Ian Fleming died in 1964 and in his absence the legal battle over Thunderball became bitter and entrenched. Jack Whittingham died in 1972, after which Kevin McClory made a number of attempts to mount his own James Bond film based on the various screen treatments. McClory announced various projects throughout the 1970s and 80s under titles such as Warhead, James Bond of the Secret Service, SPECTRE vs the World and as recently as 2000 with Warhead 2001. These were fought every step of the way by Albert R. Broccoli and United Artists who did everything they could to prevent McClory getting these films into production.
Equally so, McClory fought back and successfully sued Broccoli and co for infringing his copyright and using the SPECTRE organisation and the character of Blofeld in several other Bond films without obtaining his permission. This caused the substantial rewriting and removal of Blofeld from at least two of their films and Blofeld and SPECTRE have never appeared since in the Bond series since Diamonds Are Forever (1971) apart from a throwaway gag in For Your Eyes Only (1981) where the Blofeld character, although never actually named, perhaps symbolically ended up being dumped down a chimney.
Kevin McClory died in 2006 and it appears that all of his plans for a rogue Bond film died with him. The copyright holders of the Bond series however reached a settlement with his estate and Blofeld (now played by Christoph Waltz) and SPECTRE made their first reappearance in 44 years in Spectre (2015).
Kevin McClory was eventually successful in getting Never Say Never Again off the ground and managed to inveigle Sean Connery back to the role. (The title refers to Connery renouncing his claim that he had said “never again” to the role). It is notable that Never Say Never Again is the only of Kevin McClory’s oft-announced James Bond films that he managed to get filmed. (Although the defender of the underdog in one also remembers that somewhere out there someone – ie. not the Broccoli estate – also had the film rights to Casino Royale, which was filmed for tv in 1954 and then as a spoof of the spy cycle, Casino Royale (1967) – should they ever decide to mount a production. This was eventually done so by the Broccoli estate and mounted as Casino Royale (2006). Not to mention that the film rights to Kingsley Amis’s Bond novel Colonel Sun (1968) and all the John Gardiner books must be available somewhere. 1983 was also notedly the point that Albert R. Broccoli had finally run out of original Ian Fleming books to adapt to the screen – both Octopussy and For Your Eyes Only had been stretching it as they were taken from the titles of Fleming’s Bond short story collections. Subsequent Bond films borrowed occasional fragments from Ian Fleming’s short stories, and two titles From a View to a Kill and Quantum of Solace (2008), but are otherwise entirely original works).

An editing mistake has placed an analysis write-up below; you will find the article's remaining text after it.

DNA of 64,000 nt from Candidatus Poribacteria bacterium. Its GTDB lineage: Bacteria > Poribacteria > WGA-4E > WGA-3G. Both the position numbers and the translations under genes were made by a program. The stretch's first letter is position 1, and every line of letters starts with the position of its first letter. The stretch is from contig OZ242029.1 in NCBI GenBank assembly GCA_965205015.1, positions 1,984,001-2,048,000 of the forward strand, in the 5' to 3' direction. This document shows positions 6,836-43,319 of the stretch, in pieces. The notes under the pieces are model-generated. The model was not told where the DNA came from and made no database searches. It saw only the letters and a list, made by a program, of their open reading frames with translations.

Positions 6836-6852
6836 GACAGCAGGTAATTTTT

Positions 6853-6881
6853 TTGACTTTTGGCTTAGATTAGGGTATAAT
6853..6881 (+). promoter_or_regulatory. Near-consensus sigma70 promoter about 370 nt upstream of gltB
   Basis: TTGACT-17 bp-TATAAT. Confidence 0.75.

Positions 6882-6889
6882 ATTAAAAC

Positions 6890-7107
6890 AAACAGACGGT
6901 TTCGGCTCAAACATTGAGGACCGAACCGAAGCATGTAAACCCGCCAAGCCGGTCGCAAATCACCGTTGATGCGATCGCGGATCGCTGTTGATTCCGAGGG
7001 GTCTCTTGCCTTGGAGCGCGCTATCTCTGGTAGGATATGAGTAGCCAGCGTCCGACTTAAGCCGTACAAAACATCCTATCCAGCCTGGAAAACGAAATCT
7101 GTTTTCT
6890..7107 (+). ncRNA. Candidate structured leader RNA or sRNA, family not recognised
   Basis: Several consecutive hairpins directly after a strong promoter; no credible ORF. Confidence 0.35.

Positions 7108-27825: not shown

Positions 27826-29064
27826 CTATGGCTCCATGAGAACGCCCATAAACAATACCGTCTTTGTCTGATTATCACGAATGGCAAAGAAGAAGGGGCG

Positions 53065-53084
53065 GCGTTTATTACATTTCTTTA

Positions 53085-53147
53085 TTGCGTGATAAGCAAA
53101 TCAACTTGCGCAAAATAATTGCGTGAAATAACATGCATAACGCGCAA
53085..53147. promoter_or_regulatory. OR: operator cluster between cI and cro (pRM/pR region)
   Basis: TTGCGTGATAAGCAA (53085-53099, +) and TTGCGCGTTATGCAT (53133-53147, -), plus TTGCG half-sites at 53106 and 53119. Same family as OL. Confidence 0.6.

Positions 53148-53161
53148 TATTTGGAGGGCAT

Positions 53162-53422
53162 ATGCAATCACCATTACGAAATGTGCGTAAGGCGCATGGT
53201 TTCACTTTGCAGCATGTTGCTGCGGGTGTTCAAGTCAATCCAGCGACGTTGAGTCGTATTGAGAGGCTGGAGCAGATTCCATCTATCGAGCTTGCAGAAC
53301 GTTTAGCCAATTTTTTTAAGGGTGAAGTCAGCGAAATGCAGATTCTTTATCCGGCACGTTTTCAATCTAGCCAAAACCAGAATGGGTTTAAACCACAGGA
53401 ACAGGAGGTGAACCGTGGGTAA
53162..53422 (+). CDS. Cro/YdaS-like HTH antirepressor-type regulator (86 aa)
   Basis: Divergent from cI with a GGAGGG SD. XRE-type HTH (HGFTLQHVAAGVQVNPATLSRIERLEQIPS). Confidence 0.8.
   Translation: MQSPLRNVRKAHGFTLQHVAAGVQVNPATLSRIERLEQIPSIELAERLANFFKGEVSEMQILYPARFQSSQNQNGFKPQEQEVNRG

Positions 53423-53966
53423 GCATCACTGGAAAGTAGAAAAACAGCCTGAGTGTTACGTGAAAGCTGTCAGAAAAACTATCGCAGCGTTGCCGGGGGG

One’s idea of what a good James Bond film is is always determined by the series two greatest heights, From Russia with Love (1963) and Goldfinger (1964). Later Bond films tended to become increasingly more obsessed with action spectacle and big sets, often to the detriment of the plot. With Roger Moore’s entry into the part, the tongue-in-cheek element came to dominate the series. Indeed, Never Say Never Again‘s competition Octopussy is a perfect example of the absurdly cartoonish self-parody the Bond film became during the Moore era. Never Say Never Again feels like a return to a real James Bond film. As Alec McGowan’s new Q perfectly sums it up, “With you back on the job, Mr Bond, we can look forward to some good healthy sex and violence.”
That is what is so good about Never Say Never Again. All the credulity-defying action, the absurdly over-the-top gadgetry, the grotesque double-entendres, the super-sized sets, the poolside scenes with fashion models everywhere one looks have been discarded. Never Say Never Again is a James Bond film that has been stripped back to basics and modelled on earlier entries like Dr No, From Russia with Love and the character-driven On Her Majesty’s Secret Service (1969), which featured a minimal number of gadgets and extravagant sets.